To analyse a range of original sources from one culture for evidence of the extent to which it changed its view of another.
- To have analysed a range of German sources dating from the First World War about Sikh (and other Indian) soldiers.
- To have identified any changes of attitude evident in German sources about Sikh (and other Indian) soldiers during and after the First World War.
- To have judged the extent of the change evident in German sources about Sikh (and other Indian) soldiers during and after the First World War.
- Invite suggestions as to how pupils think that German propaganda may have portrayed Sikh (and other Indian) soldiers during the First World War.
START by showing Resource M: Slide 1 which shows a blood thirsty depiction of a Sikh soldier from a German children's picture book of 1914 entitled ‘Our Enemies’.
GIVE OUT copies of the same picture from Resource N1 and display the list of terms from Resource M: Slide 2 (these are the same list of terms used for analysing British propaganda representations of Sikh and other Indian soldiers used in Lessons 2 and 3.
Within a set time ASK pairs to annotate a copy of the image, highlighting details which appear to support particular terms listed on Resource M: Slide 2 and lead a discussion taking suggestions from pupils.
GIVE OUT the images of British propaganda depicting Sikh and other Indian soldiers from Resources J1-J12.
ASK pairs to identify any British images of Sikh soldiers that might depict them in a similar way and if so, why they think this might be. (It was in the interests of British propaganda that German troops unfamiliar with Allied colonial forces should fear them.)
DISPLAY Resource M: Slide 3 which shows a German propaganda image entitled ‘Destruction of an Indian Brigade west of Aubers’.
ASK pairs to discuss any similarities and differences with Resources J1-J12 and afterwards take suggestions from pairs about any they may have identified.
DISPLAY Resource M: Slide 4 and explain that it shows a German postcard from early on in the war with an image of a German soldier holding a captured Indian soldier. Explain that the phrase ‘Der Gefangene Inder’ translates as ‘The Captured Indian’.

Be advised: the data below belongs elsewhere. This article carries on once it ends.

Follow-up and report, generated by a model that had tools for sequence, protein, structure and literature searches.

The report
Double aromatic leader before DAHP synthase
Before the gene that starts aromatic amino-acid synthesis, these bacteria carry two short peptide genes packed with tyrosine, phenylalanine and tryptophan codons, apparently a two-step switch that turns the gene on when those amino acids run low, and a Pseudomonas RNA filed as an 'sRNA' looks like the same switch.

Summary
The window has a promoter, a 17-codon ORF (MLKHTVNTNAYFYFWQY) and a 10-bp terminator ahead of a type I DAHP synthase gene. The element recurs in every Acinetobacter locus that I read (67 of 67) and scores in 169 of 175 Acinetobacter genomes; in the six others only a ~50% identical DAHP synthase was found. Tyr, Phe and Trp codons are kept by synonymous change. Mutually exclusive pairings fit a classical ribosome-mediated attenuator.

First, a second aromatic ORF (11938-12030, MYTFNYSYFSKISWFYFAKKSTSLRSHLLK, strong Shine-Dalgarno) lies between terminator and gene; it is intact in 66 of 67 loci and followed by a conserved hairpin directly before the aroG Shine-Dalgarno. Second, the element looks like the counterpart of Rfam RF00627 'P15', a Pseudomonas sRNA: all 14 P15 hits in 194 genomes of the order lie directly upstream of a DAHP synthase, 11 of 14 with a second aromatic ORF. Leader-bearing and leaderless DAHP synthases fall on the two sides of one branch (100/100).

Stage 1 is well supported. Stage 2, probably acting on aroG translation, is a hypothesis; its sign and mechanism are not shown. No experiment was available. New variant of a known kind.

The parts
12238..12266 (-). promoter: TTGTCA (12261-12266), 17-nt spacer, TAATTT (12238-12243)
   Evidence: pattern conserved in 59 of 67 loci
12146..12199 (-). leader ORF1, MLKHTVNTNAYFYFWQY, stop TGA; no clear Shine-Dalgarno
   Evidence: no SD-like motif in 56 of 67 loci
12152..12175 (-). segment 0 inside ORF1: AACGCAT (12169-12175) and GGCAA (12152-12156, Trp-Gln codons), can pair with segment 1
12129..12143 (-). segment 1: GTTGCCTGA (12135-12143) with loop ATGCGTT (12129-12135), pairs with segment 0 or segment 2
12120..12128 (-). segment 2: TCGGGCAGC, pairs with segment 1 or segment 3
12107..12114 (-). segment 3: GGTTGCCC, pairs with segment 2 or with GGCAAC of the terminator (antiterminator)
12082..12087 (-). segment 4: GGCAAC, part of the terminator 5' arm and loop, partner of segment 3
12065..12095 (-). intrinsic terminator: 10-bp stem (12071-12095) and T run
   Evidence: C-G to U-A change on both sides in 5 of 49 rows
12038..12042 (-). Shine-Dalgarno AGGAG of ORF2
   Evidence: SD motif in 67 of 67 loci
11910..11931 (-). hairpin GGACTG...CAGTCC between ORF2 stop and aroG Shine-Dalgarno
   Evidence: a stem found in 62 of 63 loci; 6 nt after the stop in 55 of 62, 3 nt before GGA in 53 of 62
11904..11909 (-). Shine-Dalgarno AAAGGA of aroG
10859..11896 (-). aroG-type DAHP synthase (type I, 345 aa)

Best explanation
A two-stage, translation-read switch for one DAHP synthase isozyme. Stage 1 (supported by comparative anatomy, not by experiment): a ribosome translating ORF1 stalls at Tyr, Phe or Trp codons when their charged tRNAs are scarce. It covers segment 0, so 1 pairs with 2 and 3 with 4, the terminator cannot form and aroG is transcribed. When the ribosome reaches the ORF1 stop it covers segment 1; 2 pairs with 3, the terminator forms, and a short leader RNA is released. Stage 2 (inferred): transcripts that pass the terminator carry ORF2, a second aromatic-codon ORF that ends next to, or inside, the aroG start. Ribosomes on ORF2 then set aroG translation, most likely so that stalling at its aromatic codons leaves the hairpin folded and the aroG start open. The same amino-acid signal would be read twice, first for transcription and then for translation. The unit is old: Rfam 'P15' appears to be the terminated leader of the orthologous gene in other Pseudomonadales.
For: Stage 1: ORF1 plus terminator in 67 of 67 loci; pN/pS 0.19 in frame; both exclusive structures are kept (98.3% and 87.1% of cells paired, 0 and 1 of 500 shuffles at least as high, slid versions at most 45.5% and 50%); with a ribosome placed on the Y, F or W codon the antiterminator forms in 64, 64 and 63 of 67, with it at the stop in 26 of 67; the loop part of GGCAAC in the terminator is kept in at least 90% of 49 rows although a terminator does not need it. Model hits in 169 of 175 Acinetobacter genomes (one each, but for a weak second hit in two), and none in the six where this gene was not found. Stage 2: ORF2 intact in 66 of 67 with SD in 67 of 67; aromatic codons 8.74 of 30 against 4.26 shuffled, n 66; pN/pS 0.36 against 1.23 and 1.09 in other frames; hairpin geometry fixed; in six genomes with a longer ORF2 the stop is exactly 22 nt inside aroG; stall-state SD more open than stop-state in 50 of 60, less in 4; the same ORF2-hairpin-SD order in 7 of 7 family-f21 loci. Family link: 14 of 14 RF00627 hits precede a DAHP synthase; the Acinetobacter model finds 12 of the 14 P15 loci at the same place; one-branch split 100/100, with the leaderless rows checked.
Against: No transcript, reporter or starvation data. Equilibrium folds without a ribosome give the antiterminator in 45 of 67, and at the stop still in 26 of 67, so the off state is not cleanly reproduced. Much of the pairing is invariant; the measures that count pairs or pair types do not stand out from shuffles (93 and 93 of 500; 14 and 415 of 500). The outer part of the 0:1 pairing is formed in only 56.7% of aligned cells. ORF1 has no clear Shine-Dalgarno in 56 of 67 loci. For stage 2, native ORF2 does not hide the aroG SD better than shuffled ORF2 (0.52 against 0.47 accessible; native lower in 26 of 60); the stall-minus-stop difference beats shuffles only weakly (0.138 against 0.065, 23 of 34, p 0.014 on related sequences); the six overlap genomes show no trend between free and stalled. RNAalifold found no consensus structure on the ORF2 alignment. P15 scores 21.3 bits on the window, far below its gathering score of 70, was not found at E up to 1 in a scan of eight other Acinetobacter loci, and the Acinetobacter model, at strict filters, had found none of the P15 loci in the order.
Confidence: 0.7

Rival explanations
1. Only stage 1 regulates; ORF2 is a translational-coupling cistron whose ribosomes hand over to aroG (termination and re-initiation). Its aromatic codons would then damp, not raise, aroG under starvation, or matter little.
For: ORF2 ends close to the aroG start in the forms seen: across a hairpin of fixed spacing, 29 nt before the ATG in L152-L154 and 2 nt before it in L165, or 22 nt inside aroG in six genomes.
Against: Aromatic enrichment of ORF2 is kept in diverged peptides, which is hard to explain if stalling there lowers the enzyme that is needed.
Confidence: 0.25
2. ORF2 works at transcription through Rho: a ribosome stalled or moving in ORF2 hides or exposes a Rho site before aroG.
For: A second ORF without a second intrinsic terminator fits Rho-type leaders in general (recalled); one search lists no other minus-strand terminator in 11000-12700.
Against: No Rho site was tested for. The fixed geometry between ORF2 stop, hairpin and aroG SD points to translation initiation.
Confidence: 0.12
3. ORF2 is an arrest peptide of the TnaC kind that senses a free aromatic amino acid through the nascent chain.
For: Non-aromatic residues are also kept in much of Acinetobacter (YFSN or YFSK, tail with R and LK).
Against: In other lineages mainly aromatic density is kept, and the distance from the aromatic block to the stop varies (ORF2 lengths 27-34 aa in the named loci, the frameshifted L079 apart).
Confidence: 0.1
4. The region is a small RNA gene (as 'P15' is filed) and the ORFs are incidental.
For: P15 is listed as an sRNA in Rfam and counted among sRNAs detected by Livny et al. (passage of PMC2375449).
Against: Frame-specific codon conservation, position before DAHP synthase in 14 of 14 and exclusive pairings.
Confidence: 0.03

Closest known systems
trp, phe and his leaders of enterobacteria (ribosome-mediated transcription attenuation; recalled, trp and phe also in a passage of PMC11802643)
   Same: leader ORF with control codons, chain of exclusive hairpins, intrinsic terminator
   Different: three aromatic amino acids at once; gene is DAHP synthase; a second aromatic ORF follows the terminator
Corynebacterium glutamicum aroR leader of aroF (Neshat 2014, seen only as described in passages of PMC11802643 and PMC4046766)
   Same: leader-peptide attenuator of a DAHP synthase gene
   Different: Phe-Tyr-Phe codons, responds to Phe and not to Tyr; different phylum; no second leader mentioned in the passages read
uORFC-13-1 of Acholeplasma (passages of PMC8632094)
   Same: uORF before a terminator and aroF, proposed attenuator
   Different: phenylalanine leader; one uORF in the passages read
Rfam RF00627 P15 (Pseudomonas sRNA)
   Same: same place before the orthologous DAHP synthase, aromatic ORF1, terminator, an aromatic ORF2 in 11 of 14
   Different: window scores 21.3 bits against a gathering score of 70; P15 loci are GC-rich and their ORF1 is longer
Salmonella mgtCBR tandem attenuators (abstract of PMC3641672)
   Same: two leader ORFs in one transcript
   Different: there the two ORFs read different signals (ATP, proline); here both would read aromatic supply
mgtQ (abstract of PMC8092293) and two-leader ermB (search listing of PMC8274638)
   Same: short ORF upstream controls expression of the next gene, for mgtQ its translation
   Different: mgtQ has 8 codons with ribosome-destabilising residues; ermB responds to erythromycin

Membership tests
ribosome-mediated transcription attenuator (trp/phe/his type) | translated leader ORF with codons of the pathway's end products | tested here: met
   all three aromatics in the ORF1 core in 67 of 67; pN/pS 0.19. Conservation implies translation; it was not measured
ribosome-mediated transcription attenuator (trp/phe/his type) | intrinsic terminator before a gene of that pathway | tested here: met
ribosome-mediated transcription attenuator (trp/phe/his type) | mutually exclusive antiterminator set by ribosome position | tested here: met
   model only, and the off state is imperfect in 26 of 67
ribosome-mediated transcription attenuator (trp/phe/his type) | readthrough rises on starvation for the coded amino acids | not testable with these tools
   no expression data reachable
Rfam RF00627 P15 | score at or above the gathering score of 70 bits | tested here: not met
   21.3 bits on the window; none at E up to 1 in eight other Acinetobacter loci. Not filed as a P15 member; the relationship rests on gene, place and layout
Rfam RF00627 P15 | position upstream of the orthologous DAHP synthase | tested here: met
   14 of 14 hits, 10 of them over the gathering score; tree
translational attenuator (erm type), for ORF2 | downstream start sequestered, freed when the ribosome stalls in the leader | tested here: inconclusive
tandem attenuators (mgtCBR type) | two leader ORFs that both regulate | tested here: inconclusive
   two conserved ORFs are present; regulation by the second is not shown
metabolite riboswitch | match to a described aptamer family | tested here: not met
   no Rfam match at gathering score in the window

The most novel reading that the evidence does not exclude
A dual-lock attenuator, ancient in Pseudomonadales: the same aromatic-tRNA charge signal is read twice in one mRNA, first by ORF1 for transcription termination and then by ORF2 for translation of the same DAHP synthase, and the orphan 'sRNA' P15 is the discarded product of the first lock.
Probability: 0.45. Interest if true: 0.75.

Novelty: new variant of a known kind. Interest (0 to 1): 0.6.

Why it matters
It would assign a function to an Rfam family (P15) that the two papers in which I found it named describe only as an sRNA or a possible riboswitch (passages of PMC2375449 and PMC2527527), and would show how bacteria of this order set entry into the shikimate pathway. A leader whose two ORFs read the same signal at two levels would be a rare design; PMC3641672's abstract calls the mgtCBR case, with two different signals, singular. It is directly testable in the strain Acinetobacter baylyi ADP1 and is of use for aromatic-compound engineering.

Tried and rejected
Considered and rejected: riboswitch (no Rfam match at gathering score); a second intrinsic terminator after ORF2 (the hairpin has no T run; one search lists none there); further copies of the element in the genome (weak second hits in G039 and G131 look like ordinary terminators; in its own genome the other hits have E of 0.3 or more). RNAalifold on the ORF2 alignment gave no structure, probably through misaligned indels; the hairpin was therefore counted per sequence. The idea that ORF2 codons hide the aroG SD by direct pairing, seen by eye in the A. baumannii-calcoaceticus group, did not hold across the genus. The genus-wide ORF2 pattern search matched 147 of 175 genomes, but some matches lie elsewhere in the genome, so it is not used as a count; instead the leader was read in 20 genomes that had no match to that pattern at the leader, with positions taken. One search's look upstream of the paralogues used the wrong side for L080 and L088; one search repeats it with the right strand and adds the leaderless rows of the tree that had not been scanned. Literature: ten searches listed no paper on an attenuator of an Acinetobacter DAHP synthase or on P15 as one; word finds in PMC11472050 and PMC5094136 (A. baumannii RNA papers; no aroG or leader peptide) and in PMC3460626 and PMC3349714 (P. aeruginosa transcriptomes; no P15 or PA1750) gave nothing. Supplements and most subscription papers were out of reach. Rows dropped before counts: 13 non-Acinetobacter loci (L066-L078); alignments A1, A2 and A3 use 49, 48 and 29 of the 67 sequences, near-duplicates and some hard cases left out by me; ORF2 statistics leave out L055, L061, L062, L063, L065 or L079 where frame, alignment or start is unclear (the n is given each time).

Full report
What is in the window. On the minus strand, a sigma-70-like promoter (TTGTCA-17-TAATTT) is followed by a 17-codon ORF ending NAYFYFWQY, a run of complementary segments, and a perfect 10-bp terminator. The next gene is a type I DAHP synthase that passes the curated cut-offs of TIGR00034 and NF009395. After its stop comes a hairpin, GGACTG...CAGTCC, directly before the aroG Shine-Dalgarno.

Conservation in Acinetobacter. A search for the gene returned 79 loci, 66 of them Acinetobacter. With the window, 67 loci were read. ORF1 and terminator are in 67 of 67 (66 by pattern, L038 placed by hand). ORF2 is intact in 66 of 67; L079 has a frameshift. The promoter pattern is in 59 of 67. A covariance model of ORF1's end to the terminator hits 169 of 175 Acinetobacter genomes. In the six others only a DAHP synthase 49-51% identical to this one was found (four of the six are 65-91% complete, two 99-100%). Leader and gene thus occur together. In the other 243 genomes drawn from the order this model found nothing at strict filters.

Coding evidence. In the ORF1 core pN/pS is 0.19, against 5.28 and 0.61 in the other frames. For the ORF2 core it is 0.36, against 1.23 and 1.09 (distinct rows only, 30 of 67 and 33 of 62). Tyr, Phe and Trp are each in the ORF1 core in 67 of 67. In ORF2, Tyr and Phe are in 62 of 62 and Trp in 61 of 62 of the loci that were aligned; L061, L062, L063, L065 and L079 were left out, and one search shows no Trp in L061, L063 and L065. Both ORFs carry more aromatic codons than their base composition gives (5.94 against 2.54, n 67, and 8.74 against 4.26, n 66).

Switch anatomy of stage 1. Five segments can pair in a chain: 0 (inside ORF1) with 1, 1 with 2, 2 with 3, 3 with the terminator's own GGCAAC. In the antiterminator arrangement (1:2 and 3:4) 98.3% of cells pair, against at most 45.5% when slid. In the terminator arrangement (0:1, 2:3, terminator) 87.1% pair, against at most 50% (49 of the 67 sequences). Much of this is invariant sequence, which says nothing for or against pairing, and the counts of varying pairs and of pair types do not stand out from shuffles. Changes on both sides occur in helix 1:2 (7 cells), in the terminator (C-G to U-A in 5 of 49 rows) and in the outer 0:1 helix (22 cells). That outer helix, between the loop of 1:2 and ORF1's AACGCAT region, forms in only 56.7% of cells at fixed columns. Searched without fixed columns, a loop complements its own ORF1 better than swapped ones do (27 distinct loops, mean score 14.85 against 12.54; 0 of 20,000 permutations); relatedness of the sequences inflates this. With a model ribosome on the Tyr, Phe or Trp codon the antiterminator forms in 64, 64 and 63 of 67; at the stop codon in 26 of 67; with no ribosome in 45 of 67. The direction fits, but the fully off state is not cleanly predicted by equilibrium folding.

LASTLY display Resource M: Slide 5 and read the source to the class.
As in Lessons 2 and 3, GIVE OUT post-it notes of one colour to pairs. Within a set time limit ask pupils to write statements which summarise how Germans viewed Sikh soldiers in 1914 from the evidence that they have seen so far.
SELECT pairs to come up and stick their post-it notes to the image of the Sikh soldier reading out statements as they do so.
From this website DOWNLOAD AND ENLARGE copies of the portraits showing Sikh prisoners of war painted by German artists during the war (these are images 1- 5 of the ‘Portraits’ gallery slideshow).
PLACE these portraits at child eye-level around the room and ask children to rotate slowly around the portraits in silence jotting down what impression they get of the soldiers (do not reveal at this stage that the portraits were completed by German artists).
After a set time ASK pairs to discuss their impressions of each painting and take suggestions for suitable words to describe soldiers.
DISPLAY Resource M: Slide 2 and lead a discussion about which terms would best describe the paintings of Sikh soldiers.
THEN reveal that the paintings were painted by German artists of Sikh prisoners of war.
DISPLAY Resource M: Slide 6 and explain that the Germans captured thousands of Allied non-white colonial soldiers from Africa and Asia and set up a special prison camp called the Halfmoon Camp in the town of Wunsdorf in Germany. Explain that around one hundred Sikhs were held prisoner in the camp.
DIVIDE the class into small groups and give out copies of sources (Resource O1, Resource O2, Resource O3, Resource O4 and Resource O5) which give evidence of how the German authorities treated the prisoners and what other Germans said about Sikh (and other Indian) soldiers during and just after the First World War.
ASK groups to read the sources carefully and once again display Resource M: Slide 2. Within a set time limit ask groups to annotate the sources for evidence of German attitudes towards Sikh soldiers and discuss the extent to which these appear to have changed since the outbreak of the war.
GIVE OUT a new set of post-it notes (of a different colour to those used at the start of the lesson) and ask pupils to write down statements which summarise German attitudes towards Sikh (and other Indian) soldiers after 1914.
ASK them to bring these to the front of the class and stick them to the image of the Sikh corporal.
LEAD a final discussion about:
- how much German attitudes had shifted (Indian soldiers were respected and admired);
- why they had shifted (because of greater first-hand knowledge of Indian soldiers);
- how similar yet different German attitudes were compared to British ones (both the British and Germans in general retained the belief that Europeans were superior to non-whites, both admired Indians of the ‘martial races’, but British attitudes were underpinned by the fear that they might lose control of their colonial subjects in India).
For a summary of the historic background as to how the Germans treated Sikh (and other Indian) prisoners of war, see Resource P.